Just reading a review of the TLX from the NYAS, and the author mentions a DCT with a Torque converter. Call me crazy but I've always understood that dual clutches replace the Torque Converter?
I am crazy, but Honda is crazier. Listen to this, its brilliantly insane, udeful tooTLX buyers will be offered a choice of new engines exclusive to Acura - a direct injection 2.4L DOHC inline 4 making 206 hp and 182 lb.-ft. of torque and a direct injection 3.5L DOHC V6 generating 290 hp and 267 lb.-ft. of torque. The 4-cylinder engine is mated to an 8-speed dual clutch transmission with torque converter - a first for a production car - and the V6 is coupled to a new 9-speed automatic that is lighter, with three more gears, than the transmission on the outgoing TL.
I'm betting that's why the TLX V6 will not be available with the DCT, how could there possibly be room for a DCT and Torque converter to all be sandwiched transversely...But Honda has added an interesting fillip to the increasingly common DCT technology: a torque converter like that in a conventional automatic to smooth takeoff and low-speed downshifts, the points at which regular DCTs become jerky as they must slip their clutches to mimic the behavior of an automatic.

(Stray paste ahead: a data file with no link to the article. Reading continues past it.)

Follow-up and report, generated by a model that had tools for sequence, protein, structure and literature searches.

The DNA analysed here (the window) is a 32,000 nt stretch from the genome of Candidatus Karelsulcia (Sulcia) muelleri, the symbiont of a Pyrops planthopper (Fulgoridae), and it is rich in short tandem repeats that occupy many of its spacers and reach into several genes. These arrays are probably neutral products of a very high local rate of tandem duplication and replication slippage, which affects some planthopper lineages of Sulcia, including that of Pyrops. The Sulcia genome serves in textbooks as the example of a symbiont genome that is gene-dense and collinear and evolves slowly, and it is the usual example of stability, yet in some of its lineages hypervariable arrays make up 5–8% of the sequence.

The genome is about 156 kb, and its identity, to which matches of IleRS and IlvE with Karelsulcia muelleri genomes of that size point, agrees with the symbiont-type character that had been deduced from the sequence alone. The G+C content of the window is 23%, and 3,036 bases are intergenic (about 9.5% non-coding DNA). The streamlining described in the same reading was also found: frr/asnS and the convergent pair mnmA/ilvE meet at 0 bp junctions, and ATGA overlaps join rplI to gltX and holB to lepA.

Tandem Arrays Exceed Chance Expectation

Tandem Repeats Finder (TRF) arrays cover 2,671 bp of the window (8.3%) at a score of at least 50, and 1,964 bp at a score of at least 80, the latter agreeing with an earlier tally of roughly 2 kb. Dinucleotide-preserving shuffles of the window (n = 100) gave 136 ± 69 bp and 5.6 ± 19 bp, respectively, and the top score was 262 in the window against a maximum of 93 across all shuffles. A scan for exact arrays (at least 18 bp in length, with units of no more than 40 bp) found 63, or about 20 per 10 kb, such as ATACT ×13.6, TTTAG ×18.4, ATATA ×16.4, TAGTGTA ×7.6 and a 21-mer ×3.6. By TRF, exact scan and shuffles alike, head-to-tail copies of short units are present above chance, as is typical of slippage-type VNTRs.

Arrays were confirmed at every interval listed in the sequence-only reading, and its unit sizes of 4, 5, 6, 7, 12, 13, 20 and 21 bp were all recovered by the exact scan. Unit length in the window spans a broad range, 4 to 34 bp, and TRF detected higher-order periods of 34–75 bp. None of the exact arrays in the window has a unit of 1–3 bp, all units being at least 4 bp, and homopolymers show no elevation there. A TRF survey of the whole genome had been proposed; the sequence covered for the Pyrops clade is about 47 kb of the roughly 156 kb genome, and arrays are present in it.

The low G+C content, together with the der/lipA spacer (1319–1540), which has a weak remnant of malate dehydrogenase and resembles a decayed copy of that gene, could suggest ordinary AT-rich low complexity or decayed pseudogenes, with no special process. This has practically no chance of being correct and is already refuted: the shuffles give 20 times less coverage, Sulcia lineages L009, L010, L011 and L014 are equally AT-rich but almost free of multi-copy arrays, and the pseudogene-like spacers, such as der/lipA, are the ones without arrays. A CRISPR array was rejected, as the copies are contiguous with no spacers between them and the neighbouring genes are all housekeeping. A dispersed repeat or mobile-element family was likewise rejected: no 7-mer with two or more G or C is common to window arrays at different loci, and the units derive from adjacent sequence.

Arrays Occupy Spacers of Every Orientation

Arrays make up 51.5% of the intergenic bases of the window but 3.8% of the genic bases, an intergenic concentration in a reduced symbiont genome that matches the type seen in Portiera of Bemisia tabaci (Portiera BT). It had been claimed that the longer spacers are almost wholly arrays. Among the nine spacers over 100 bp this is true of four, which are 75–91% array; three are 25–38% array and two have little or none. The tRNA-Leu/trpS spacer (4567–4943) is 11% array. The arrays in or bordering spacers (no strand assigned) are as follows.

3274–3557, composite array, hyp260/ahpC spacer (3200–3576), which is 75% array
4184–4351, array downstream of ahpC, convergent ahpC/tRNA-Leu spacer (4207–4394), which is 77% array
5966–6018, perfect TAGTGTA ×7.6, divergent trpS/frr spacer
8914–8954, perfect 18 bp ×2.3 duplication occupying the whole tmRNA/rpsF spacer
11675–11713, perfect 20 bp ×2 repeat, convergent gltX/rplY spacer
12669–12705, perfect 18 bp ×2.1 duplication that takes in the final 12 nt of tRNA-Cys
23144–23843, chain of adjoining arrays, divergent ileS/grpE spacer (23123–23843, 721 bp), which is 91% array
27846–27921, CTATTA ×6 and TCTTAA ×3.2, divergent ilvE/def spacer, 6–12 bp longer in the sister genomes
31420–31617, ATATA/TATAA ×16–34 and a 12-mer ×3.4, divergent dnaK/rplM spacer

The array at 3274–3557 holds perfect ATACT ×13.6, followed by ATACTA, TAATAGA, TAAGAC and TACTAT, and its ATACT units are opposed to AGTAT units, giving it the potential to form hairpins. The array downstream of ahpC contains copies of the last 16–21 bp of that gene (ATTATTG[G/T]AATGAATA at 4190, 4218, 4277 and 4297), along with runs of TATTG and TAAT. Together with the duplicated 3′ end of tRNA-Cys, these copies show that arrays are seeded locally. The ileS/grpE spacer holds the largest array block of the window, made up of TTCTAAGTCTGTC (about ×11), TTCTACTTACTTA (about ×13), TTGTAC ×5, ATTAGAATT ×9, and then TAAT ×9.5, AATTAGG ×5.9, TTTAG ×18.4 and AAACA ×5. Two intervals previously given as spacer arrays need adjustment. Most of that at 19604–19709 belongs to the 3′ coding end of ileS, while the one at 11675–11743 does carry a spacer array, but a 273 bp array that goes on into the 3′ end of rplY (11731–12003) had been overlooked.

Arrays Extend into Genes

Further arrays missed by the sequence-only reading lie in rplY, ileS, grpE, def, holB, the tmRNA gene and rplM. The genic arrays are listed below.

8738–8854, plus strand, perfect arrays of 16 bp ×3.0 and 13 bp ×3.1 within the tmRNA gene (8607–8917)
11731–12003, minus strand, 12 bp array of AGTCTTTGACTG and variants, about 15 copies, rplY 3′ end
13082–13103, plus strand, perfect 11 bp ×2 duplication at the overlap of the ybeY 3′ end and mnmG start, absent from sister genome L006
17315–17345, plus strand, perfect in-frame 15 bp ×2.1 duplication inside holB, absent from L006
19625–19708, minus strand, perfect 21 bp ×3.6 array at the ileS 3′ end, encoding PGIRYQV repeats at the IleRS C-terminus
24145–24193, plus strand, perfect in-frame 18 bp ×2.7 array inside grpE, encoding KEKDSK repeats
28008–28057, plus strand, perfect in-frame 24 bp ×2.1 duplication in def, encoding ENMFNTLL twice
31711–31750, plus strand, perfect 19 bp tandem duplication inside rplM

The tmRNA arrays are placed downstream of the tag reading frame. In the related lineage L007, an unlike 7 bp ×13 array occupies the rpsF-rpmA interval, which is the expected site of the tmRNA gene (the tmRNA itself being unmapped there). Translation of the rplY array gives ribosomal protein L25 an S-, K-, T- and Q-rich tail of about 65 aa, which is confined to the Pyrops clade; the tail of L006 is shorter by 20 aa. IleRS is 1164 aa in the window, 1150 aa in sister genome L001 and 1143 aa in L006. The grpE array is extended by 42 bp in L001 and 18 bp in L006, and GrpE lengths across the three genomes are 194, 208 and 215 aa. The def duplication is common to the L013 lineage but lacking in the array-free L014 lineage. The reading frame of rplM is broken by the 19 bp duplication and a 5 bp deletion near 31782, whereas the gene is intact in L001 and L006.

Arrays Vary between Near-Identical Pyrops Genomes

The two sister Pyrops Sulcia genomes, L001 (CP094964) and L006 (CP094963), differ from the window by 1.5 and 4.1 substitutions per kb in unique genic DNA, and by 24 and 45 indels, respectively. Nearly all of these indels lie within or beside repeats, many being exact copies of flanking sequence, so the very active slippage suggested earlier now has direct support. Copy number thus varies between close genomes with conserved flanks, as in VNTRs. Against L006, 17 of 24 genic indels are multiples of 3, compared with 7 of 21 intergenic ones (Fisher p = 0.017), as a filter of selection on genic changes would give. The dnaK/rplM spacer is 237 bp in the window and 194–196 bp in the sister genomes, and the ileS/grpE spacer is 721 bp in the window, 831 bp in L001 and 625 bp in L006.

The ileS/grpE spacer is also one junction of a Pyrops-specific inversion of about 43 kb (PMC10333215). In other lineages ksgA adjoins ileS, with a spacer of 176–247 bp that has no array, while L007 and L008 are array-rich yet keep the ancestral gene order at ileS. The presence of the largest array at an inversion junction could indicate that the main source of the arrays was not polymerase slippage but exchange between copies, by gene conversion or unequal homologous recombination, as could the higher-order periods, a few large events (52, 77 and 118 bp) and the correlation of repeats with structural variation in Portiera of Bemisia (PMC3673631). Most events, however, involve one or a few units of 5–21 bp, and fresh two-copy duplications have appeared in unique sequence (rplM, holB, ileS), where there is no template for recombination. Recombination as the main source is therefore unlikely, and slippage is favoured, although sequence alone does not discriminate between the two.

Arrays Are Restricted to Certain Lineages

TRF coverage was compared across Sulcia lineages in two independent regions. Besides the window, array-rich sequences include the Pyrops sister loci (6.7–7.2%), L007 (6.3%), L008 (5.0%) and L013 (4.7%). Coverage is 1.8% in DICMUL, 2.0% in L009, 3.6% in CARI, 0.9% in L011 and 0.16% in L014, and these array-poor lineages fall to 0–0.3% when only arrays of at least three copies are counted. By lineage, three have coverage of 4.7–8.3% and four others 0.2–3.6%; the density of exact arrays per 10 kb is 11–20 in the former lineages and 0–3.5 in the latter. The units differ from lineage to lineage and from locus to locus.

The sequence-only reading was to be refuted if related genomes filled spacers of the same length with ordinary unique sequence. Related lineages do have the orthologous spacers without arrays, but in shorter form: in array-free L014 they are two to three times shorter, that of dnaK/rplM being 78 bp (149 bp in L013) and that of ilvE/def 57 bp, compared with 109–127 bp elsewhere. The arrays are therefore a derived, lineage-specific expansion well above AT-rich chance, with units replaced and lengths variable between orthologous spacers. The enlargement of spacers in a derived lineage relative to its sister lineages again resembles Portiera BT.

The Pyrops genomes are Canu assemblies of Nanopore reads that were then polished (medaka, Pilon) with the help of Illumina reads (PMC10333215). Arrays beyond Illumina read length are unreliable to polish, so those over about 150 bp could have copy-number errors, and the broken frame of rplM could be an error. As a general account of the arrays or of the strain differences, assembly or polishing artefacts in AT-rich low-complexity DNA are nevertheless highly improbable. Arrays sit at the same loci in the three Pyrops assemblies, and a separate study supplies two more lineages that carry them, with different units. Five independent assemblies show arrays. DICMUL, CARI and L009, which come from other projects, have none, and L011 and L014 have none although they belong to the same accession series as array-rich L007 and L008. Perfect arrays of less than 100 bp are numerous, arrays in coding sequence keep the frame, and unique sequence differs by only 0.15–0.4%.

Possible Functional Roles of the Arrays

A brief lap of the Honda high-speed circuit in a 2013 Accord sedan equipped with the new 8-speed DCT with torque converter showed it to perform about as claimed.
Under power, accelerating up to highway speeds (and beyond), the feel was that of a DCT: fast sequential shifts.
But during a slow rollout from stop, the torque converter absorbed any surging or irregularity in torque delivery to the wheels in a way that few conventional DCTs have so far.